Rowtons well is a natural spring. It is reputed to have been regularly used by the Romans who camped near here up on the hill. The wells waters were famous for curing 'inveterate, cutaneous and chronic ailments' in 1762. In Victorian days it was known for its purity and water was collected daily to be taken to Birmingham eye hospital. You can still see the rut marks left across one stretch of the moors from the wagon used. Ladies of the time believed it was good for the 'constitution' to bathe in its cold waters, and a flag pole was erected to warn when it was in use. The stream below this is full of wild watercress and was often taken by the locals to sell. Nowadays the water isn't so clean. I still use it to make a cup of tea while I'm out, but I give it a good boil first!
Further on I came across the old 'shooting butts'. This is where the targets were held up by soldiers hiding in the trench. This continued until well after the first world war, but ceased after complaints from members of the public suffering near misses!
This whole valley is rich with history. First world war prisoners of war were held here and discovered flint arrowheads, post holes and an ancient wooden trackway across the marshes while digging peat. The Romans built a road and a section of it has become encompassed in the park. When the Romans left, this road was ignored and not used by locals as it only went from one old fort to another and served no useful route. Because of the unique nature of the park, (given to the people of Sutton Coldfield in a Royal charter for use as agistment, pannage and estover etc) this area was never built on, and so the road survives intact. As you can see the road presents itself as a raised strip, proceeding straight as a die all the way to the still remaining fort at the village of Wall.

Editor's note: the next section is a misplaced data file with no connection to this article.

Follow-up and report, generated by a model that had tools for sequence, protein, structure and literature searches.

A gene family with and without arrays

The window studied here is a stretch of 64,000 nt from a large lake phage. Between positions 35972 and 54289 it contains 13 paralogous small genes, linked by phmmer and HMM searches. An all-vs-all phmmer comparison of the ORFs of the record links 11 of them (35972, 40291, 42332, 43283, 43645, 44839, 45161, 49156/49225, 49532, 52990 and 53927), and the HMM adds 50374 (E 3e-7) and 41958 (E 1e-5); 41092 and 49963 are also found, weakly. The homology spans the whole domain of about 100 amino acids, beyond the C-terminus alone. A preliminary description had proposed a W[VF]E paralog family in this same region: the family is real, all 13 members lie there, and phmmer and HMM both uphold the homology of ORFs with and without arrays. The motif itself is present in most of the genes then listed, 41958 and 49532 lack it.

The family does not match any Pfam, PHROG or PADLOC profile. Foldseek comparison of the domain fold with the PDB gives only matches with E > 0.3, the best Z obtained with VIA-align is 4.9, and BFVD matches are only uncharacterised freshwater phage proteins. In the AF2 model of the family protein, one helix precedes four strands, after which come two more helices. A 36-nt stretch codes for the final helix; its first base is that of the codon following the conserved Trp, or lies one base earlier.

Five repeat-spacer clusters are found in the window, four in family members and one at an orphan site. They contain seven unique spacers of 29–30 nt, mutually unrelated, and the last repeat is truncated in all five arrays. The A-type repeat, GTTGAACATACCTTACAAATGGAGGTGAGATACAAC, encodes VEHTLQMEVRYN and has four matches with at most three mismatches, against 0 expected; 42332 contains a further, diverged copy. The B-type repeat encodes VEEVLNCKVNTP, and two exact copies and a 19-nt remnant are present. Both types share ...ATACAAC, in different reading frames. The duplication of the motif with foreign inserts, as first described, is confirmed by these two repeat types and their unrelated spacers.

In some places the surface stones are still in place. 1600 years on and this is still a good dry track across the marshes of Longmoor and in better condition than some of the local modern roads!
To each side of this are lines of Sweet Chestnut trees. These were introduced by the Romans as a food source but were cultivated extensively in Sutton not only as food but for the wood which was particularly suitable for splitting into fencing pales. These fences were used to top the mounds above the ditches around the deer park and royal chase from the 1100's onwards.
I was uncertain what the weather had in mind, and the cows were being no help. Lying down is supposed to mean rain. Some were standing, some lying, one stood up (hooray, sunshine), but then lay down again (boo). I surmised rain with sunny intervals!
The railway line cuts straight across the northern part of the park. It should never have come this way, but was pushed through by surrounding rich land owners hoping to make a quick buck. The poorer locals were promised cheap coal, which did come, and then continued on past in order to supply the industrial revolution in nearby Birmingham!
I waited ages for a goods train to come so that I could take a photo, but nothing. As soon as I stood on the level crossing to take this shot I became paranoid that I was going to be run down.
On this side of the park there is a herd of wild ponies. They are the same breed as found on Exmoor. At weekends they hide away from people in the less accessible areas, but during the week they venture out closer to the fence line where the ground is dryer and the grass greener.
Sleepy and relaxed they let me get quite close. I love these chaps, their coats change season to season. In winter they go pretty fluffy and much darker.